US Treasury futures
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U.S. Treasury bond and note futures are widely used for managing risk on fixed-income securities. Holding fixed-income securities can be tantamount to speculating on the future direction of interest rates.
Interest rate futures were pioneered by the Chicago Board of Trade (CBOT) in 1975 in response to a need for tools that could protect against sharp and frequent swings in the cost of money. The first of such products was U.S. Treasury bond futures, which were followed by futures on 10-year, 5-year, and 2-year U.S. Treasury notes.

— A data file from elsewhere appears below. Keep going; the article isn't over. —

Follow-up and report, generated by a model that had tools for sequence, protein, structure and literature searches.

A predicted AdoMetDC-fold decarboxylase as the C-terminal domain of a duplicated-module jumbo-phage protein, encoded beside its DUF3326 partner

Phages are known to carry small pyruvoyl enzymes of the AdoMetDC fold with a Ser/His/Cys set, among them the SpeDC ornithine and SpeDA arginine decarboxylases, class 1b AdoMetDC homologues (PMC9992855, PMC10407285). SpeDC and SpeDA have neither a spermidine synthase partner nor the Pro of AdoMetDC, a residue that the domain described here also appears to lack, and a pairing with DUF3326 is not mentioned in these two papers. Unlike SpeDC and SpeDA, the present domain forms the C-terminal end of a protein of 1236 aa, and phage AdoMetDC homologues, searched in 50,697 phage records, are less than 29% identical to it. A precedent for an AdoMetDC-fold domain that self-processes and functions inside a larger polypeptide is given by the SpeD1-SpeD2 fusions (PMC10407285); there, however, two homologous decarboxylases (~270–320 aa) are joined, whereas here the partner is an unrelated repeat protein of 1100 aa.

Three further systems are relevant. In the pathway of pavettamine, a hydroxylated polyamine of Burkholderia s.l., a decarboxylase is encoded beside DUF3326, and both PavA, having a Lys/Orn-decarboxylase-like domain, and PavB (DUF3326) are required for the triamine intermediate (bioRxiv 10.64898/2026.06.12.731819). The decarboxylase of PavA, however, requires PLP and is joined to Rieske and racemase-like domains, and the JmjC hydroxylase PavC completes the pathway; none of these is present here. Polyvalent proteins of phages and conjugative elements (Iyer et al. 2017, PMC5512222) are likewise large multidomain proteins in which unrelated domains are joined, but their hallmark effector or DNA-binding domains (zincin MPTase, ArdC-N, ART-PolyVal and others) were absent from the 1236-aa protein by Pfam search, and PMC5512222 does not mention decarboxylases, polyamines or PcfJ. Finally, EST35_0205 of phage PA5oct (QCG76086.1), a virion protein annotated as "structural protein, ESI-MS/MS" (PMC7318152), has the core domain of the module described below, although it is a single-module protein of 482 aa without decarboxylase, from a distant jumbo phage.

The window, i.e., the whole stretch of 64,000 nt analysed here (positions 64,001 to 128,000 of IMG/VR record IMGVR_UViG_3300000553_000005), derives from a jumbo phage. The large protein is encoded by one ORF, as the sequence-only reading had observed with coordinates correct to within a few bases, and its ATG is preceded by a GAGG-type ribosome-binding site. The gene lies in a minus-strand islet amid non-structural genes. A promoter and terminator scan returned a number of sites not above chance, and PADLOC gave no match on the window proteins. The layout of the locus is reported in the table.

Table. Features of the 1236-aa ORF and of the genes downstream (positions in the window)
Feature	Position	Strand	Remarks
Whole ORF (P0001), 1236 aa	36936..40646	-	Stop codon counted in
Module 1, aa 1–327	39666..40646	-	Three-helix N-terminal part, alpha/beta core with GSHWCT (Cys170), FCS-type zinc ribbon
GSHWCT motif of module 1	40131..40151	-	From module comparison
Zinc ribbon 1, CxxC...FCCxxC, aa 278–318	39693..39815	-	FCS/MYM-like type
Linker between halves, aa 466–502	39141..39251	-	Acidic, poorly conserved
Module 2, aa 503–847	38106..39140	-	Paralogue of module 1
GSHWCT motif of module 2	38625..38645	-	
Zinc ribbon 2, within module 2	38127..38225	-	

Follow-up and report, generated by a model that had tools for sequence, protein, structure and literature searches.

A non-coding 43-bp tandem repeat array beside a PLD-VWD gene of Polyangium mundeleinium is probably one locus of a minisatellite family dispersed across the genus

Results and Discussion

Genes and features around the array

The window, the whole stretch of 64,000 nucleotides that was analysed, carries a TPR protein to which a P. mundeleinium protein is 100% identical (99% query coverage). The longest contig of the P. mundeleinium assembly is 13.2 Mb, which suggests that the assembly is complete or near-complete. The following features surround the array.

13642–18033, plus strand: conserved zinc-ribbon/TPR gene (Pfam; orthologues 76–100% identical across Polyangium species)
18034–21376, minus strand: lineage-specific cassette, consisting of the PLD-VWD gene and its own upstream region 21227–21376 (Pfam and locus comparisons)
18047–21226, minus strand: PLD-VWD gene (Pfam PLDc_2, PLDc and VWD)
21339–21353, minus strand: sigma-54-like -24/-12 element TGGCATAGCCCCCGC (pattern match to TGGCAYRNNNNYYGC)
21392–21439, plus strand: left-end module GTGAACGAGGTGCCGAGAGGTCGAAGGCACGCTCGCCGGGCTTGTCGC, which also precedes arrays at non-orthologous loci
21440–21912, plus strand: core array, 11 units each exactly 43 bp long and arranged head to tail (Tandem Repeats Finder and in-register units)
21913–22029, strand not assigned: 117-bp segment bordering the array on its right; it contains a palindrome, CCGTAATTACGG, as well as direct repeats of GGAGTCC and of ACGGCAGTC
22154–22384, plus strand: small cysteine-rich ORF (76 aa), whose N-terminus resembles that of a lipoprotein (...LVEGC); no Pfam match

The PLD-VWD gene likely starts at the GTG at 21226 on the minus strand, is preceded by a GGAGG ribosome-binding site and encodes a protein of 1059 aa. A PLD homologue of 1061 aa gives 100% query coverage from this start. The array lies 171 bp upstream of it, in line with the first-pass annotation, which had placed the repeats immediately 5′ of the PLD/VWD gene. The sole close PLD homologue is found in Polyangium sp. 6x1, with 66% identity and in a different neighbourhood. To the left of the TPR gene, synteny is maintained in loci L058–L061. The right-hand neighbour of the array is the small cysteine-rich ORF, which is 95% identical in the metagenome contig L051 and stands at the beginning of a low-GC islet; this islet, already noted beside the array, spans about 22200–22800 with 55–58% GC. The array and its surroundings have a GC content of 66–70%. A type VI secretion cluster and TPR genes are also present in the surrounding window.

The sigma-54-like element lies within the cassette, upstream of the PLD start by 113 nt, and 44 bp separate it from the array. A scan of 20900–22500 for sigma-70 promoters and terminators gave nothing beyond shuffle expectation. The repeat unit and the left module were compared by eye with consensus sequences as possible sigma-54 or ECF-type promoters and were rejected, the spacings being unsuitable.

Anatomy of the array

The CME Group, which acquired the CBOT in July 2007, offers some of the most widely traded Treasury futures contracts.
U.S. Treasury futures contracts traded include:
- CME Group U.S. Treasury Bond
- CME Group Ultra U.S. Treasury Bond
- CME Group 2-Year U.S. Treasury notes
- CME Group 3-Year U.S. Treasury notes
- CME Group 5-Year U.S. Treasury notes
- CME Group 10-Year U.S. Treasury notes
- ELX 2-Year Treasury Notes
- ELX 5-Year Treasury Notes
- ELX 10-Year Treasury Notes
- ELX 30-Year Treasury Bonds
- NYSE Liffe US Treasury futures
- ↑ U.S. Treasury Bond Futures. Infinity Trading.